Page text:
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Accident Fault | What adjusters will look for

Updated on November 19, 2008

A overview of how adjusters determine fault for any car accident

An in depth explanation of how adjusters determine fault for any car accident. The fault process is based on the legal theory of negligence. Negligence is the tort that puts you or any driver at fault. Adjusters follow this analysis to determine who is at fault and who should pay what.

Fault and Negligence

A quick overview of the basic elements

The accident fault analysis is based on many different things; they are all (or should) be directly related to the actual accident.

Many people will argue that because they file the claim first, or because they gave a recorded statement first, then they have no liability in the accident. Believe or not, people call the insurance company and argue the following:

“He came and hit me, I called you and he has not. This means that he wants to avoid fault because he is guilty.”

The fact that someone made a telephone call after the accident does not make them automatically at fault.

They argue that if a party does not file a claim, then that shows that they are at fault because they do not want to take responsibility for the accident. Others will claim that because you file a claim with your own insurance carrier, then you must be accepting fault. The fault analysis does not depend or is not really influenced by these types of arguments.

The parties' behavior may lead to the determination that someone was more responsible for the car accident. For example, if I was trying to light up a cigarette before we hit, this will probably show that I was not paying attention.

However, someone other circumstances have no bearing on the fault decision. For example, if someone is grumpy or in a bad mood after an accident, it does not change a fault determination.  An impolite and rude attitude might not have anything to do with the fault of the accident. Just because someone cussed you out, it does not mean that they are at fault.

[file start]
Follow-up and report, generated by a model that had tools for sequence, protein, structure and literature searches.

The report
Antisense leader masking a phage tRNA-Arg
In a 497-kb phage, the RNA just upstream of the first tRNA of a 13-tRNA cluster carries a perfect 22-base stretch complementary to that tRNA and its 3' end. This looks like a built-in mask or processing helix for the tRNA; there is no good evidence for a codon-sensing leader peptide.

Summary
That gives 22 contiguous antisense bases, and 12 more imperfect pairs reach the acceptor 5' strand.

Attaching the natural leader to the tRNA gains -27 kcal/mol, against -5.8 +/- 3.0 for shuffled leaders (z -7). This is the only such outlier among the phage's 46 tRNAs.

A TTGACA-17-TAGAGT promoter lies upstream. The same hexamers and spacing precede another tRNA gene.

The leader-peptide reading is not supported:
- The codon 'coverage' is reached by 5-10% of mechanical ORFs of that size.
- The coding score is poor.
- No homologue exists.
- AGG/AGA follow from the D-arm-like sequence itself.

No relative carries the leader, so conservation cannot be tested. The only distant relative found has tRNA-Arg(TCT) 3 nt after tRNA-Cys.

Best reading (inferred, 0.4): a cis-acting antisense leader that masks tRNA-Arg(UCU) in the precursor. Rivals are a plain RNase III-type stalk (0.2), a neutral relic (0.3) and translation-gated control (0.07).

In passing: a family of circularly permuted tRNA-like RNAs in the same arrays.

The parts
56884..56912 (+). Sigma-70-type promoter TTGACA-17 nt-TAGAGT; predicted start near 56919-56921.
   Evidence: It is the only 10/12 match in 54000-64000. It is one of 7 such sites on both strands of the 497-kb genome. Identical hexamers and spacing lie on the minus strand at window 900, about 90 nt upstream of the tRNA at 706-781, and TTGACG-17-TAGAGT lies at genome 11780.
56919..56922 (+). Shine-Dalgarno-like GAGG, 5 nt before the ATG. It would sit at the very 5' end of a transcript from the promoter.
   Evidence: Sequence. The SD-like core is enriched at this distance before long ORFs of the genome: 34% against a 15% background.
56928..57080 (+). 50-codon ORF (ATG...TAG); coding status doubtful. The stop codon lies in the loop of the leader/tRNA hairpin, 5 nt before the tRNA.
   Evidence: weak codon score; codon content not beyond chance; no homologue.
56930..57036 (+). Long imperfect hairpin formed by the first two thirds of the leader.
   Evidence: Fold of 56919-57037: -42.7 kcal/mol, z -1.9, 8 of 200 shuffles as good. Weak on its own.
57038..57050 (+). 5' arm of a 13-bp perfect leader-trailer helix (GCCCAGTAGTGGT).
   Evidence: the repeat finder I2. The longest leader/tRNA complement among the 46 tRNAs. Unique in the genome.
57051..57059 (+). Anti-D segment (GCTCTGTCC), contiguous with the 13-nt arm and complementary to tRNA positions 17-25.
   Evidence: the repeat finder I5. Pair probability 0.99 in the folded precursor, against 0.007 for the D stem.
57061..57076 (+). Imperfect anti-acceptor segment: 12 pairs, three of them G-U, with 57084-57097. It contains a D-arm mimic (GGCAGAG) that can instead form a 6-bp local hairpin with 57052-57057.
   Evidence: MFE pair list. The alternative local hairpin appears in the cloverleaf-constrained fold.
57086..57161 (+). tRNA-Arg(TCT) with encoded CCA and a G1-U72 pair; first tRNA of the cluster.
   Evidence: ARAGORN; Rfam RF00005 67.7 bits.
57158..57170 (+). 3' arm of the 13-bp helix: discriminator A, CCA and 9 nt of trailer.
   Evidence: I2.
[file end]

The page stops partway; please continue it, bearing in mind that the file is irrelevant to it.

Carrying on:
There are different steps that an adjuster must follow to determine who is responsible. A car accident fault analysis is really a legal negligence analysis.

Negligence is composed of four elements: Duty, Breach, Causation, and Damages.

Perhaps the most important element is Causation. All elements must be present for you to be negligent or at fault for the accident. However, Causation can really determine whether or not you have to pay for damages.

Duty simply means that you have certain responsibilities when you drive (i.e. conserve your speed, look out, avoid an accident, and follow the rules of the road). A breach means that a driver breached one of the duties. Damages are the damages to your car and/or injuries to you (note: there must be damages, if there is no damage to your car or any injury, negligence or fault could not possibly exist).

The element of Causation requires that your breached duty (i.e. respect the traffic laws, lookout, avoid an accident) must be factually and legally related to the ultimate damage (the damages to your car and your injuries).

Note, adjusters (and the law) require you to separate damages apart (i.e. the damage to your back is different from the damage to your headlight). In other words, you must show that the breached duty caused the vehicle damage and it caused the ultimate injury. In other words, did the fact that I rear end you caused you damages to your vehicle trunk? Probably yes. Did the same fact cause you a brain injury? It depends on the type of accident, but most likely not.

To show a good example of Causation in car accident fault analysis, it is perhaps better to show when Causation is not present, and therefore a valid defense to fault.

Let's assume that party A is completely drunk and sitting in a parking lot (legally parked). The engine is running and Drunk A is sitting on the vehicle waiting for his friend to bring more beer. While Drunken A is on the parking lot, Cautious B shows up, loses control and hits Drunken A's vehicle. Is Drunken A responsible or the accident?

It is common knowledge that you cannot be driving a vehicle while intoxicated (it is also the law in all 50 states), so A has breached this duty (the duty of not being sober while sitting on the driver seat while the vehicle is running).

However, there is no legal or factual relationship between the fact that A was drunk and B came and hit A. Adjusters use a "but/for" test to come to a conclusion. But for A being drunk, would this accident happened? It probably would, it was B who lost control of the car. A's intoxication did not cause the accident. A's duty breached is not casually related to the damages. A would have an effective defense to fault.

Just because you do something wrong while driving, it does not mean that you are at fault for an accident because your breach might not be casually related to the accident.

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      6 years ago

      If ever you are involved in an accident you should have one of these onboard.


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